New York (CNN) – While standing outside Engine Company 24, which lost 11 firefighters on September 11, Mitt Romney reiterated Tuesday he would also have ordered the mission to kill Osama bin Laden but criticized President Barack Obama for politicizing his role on its one-year anniversary.
"This is a person who had done terrible harm to America and who represented a continuing threat to civilized people throughout the world, and had I been president of the United States, I would have made the same decision the president made which was to remove him," Romney said.
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Romney's comments came before Obama's surprise arrival in Afghanistan for a visit to sign an agreement between the two governments and greet troops in theater.
The presumptive Republican presidential nominee had marked the anniversary of the top al Qaeda leader's death by appearing with former New York City Mayor Rudy Giuliani. The two delivered six large pizza pies to the firefighters at the New York fire station.
After eating inside and taking pictures in front of fire trucks, Romney and Giuliani – the first time the pair has appeared together since they ran against each other in 2008 – spoke briefly and took questions from reporters.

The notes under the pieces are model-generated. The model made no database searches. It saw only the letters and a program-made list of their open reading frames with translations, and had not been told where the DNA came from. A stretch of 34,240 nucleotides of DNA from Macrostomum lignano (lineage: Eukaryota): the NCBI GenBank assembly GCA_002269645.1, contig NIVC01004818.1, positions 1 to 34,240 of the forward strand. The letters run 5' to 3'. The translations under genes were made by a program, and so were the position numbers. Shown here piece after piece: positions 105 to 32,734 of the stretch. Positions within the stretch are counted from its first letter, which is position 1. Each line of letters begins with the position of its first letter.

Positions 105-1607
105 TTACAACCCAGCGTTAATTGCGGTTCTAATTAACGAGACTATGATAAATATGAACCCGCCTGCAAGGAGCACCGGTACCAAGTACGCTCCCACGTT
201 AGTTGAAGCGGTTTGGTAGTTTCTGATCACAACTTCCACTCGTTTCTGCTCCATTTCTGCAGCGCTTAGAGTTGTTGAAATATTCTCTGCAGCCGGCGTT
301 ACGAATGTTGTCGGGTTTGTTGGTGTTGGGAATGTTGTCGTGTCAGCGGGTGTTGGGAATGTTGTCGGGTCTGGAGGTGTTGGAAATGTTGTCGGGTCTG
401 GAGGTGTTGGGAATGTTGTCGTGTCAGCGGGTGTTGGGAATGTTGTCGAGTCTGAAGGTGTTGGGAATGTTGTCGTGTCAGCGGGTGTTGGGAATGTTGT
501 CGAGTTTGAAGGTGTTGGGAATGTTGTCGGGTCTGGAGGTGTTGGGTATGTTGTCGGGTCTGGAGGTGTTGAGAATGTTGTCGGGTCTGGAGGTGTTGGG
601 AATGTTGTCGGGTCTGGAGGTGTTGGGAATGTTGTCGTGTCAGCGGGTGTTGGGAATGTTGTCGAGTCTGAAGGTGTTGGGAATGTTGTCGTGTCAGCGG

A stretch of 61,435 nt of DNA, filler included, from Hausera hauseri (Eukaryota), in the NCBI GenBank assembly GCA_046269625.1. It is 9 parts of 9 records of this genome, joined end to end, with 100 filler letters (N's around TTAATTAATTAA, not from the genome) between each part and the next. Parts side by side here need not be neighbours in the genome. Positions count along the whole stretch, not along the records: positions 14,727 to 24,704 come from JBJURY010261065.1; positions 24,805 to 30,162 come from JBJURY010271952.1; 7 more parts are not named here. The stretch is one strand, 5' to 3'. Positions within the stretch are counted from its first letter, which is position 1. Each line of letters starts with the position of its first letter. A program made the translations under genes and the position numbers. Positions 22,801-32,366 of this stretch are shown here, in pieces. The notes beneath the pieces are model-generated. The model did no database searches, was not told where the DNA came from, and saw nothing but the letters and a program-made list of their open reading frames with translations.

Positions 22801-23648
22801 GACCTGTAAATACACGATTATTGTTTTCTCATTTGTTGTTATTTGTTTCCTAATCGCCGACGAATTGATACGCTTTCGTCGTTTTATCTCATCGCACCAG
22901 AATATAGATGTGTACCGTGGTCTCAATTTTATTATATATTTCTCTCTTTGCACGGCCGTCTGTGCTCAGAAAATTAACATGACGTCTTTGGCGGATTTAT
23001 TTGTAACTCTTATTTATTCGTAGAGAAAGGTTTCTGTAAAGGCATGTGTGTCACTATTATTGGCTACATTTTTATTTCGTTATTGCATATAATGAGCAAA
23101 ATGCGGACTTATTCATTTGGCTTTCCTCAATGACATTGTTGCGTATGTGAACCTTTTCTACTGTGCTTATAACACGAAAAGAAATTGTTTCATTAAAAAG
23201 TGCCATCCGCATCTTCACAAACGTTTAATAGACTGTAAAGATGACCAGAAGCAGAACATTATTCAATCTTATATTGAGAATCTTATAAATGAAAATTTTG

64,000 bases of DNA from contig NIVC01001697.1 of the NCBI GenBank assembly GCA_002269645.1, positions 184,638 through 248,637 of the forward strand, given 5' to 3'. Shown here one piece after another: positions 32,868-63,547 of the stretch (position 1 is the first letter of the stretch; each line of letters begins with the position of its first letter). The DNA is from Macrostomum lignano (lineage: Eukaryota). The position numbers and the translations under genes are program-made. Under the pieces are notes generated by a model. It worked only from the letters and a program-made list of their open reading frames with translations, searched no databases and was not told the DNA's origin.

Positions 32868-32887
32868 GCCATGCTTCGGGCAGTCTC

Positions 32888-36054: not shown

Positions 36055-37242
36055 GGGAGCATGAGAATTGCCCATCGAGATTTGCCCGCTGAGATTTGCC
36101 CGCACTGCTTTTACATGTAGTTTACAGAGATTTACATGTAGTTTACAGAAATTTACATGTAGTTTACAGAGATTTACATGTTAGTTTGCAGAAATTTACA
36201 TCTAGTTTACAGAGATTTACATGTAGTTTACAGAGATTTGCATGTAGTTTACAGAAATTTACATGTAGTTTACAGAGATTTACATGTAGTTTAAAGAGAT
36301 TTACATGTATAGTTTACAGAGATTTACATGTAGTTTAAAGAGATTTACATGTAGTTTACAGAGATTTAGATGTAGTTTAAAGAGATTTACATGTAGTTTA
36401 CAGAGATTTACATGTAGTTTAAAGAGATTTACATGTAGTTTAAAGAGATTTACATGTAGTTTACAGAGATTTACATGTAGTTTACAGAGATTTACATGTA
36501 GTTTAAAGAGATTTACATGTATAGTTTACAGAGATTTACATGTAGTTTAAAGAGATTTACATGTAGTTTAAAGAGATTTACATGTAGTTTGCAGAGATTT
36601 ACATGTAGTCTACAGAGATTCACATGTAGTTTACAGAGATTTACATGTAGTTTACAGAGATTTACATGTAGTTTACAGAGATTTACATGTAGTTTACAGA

Romney was asked to explain a statement he made in 2007 in which he criticized candidate Obama who at the time said he would be willing to go into Pakistan to hunt down bin Laden. He later clarified his point, but the president's re-election team has hammered on Romney for it.
The businessman and former Massachusetts governor said his position was the same as Vice President Joe Biden, also a candidate in the last presidential cycle.
"There are many people who believed as I did that it was naïve on the part of the president, at the time as a candidate, to say he would go into Pakistan," said Romney. "It was a very – if you will – a fragile and flammable time in Pakistan and I thought it was a mistake of him as a candidate for the presidency of the United States to announce that he would go in."
Romney gave Obama credit for his role in bringing down the top al Qaeda leader, who was in Pakistan, but derided the president for making it a political issue for personal gain.
"I think politicizing it and trying to draw a distinction between himself and myself was an inappropriate use of the very important event that brought America together, which was the elimination of Osama bin Laden."